Recipes Won’t Teach You How to Cook


An early morning revelation

Last Thursday, I woke up with a new thought in my mind - a thought that struck me as odd and yet profoundly true, and if you’re someone who is struggling to find a way to prepare more home-cooked meals, I think you’ll find it to be incredibly insightful.

So here it is:

Recipes are written for people who
already know how to cook.

I know, it sounds strange.  You’re probably thinking to yourself, “But Kibby, how am I supposed to learn how to cook if I don’t have a recipe?” Before you start @ing me, let me break this down for you.

A recipe is a set of instructions written for the purpose of telling you how to execute the preparation of a particular dish.  However, with every recipe, there is a minimum requirement of familiarity with kitchen terms, tools, and techniques that are needed in order to follow the directions.

Think of it like a piece of piano sheet music.  It, too, is a set of instructions - it tells you the key, the tempo, the time signature, volume, and many other pieces of information along with the notes themselves.  I am a musician, but I wouldn’t consider myself a pianist, and unless you are a pianist who both understands the terms on the page and has the muscle memory in your fingers and feet to perform the chords and runs and transitions, the sheet music is not much help to you.

an average recipe from a home meal delivery kit
such as Hello Fresh, Blue Apron, or Home Chef
contains 12 unique kitchen techniques in the first step alone

The same goes with a recipe.  The simplest recipe from online or provided by a home meal kit delivery service like Hello Fresh, Blue Apron, or Home Chef, will have anywhere from 8 to 15 unique kitchen techniques that you are expected to recognize and understand how to perform.  Even something as basic as “halve, peel, and slice an onion” can be taken in a number of different directions (I know this because I have seen hundreds of people slice onions, in my professional life and in my hands-on kitchen sessions; you’d be surprised the number of ways you can interpret the same statement), and doing it the wrong way could have a negative effect on the final outcome.

Are you getting it yet?  Most recipes aren’t meant to teach you how to cook: they are meant to walk you through a series of steps that apply familiar techniques to particular ingredients in a certain order to obtain a desired result.  Sure, there are exceptions; I have picked up new techniques and approaches to food by cooking through recipes, but by and large they still assume a certain base level of competence in the kitchen.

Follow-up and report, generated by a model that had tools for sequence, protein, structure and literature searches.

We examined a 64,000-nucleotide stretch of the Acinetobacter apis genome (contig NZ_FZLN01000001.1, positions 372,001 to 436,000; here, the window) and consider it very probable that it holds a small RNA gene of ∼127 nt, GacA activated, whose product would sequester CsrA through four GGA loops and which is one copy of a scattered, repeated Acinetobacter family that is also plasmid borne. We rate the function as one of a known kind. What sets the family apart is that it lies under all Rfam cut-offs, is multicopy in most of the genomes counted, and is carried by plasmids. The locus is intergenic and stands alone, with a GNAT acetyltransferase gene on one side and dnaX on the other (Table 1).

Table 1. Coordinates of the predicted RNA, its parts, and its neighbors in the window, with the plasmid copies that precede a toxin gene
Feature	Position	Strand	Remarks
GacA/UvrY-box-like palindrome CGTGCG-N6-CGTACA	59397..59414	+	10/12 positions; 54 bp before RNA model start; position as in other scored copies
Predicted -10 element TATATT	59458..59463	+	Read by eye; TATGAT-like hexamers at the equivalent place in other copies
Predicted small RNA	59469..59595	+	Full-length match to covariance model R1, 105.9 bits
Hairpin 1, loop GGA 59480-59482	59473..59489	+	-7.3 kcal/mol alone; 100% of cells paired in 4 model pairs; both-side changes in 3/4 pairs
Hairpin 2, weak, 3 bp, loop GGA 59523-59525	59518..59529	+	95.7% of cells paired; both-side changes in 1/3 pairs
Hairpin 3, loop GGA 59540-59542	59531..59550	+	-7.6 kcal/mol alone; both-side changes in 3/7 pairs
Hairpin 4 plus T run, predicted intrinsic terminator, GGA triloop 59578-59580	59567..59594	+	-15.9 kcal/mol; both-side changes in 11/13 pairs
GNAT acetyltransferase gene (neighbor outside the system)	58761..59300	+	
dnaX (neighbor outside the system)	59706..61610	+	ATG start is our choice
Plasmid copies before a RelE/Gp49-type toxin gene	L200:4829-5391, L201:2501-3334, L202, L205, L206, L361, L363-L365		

That’s the thing I’m seeing and experiencing more and more every day - people aren’t starting from the same level of kitchen competence that they might have just one or two generations ago.  Most of you probably didn’t grow up in a home where you had a parent, grandparent, or other loved one preparing home-cooked meals for you on a regular basis. Just like most people learn to walk and to speak by imitating what they see at home, cooking used to be something that was naturally handed-down and learned through daily exposure.

So what about you: do you find recipes to be intimidating?  Are you disappointed with your ability to follow their instructions?

Don’t be ashamed of where you are in your home-cooking journey.  

Not knowing how to dice an onion or zest a lemon does not make you stupid, incompetent, or hopeless.  It simply means you are starting farther back than others, and it is my hope to help you fill in the gaps and get you to a place where you can approach the kitchen with more confidence.  It can be done, and I know you can get there.

Let me know how I can help.  Send me an email right now with your top kitchen challenges and we’ll work on ways to get you to where you want to be.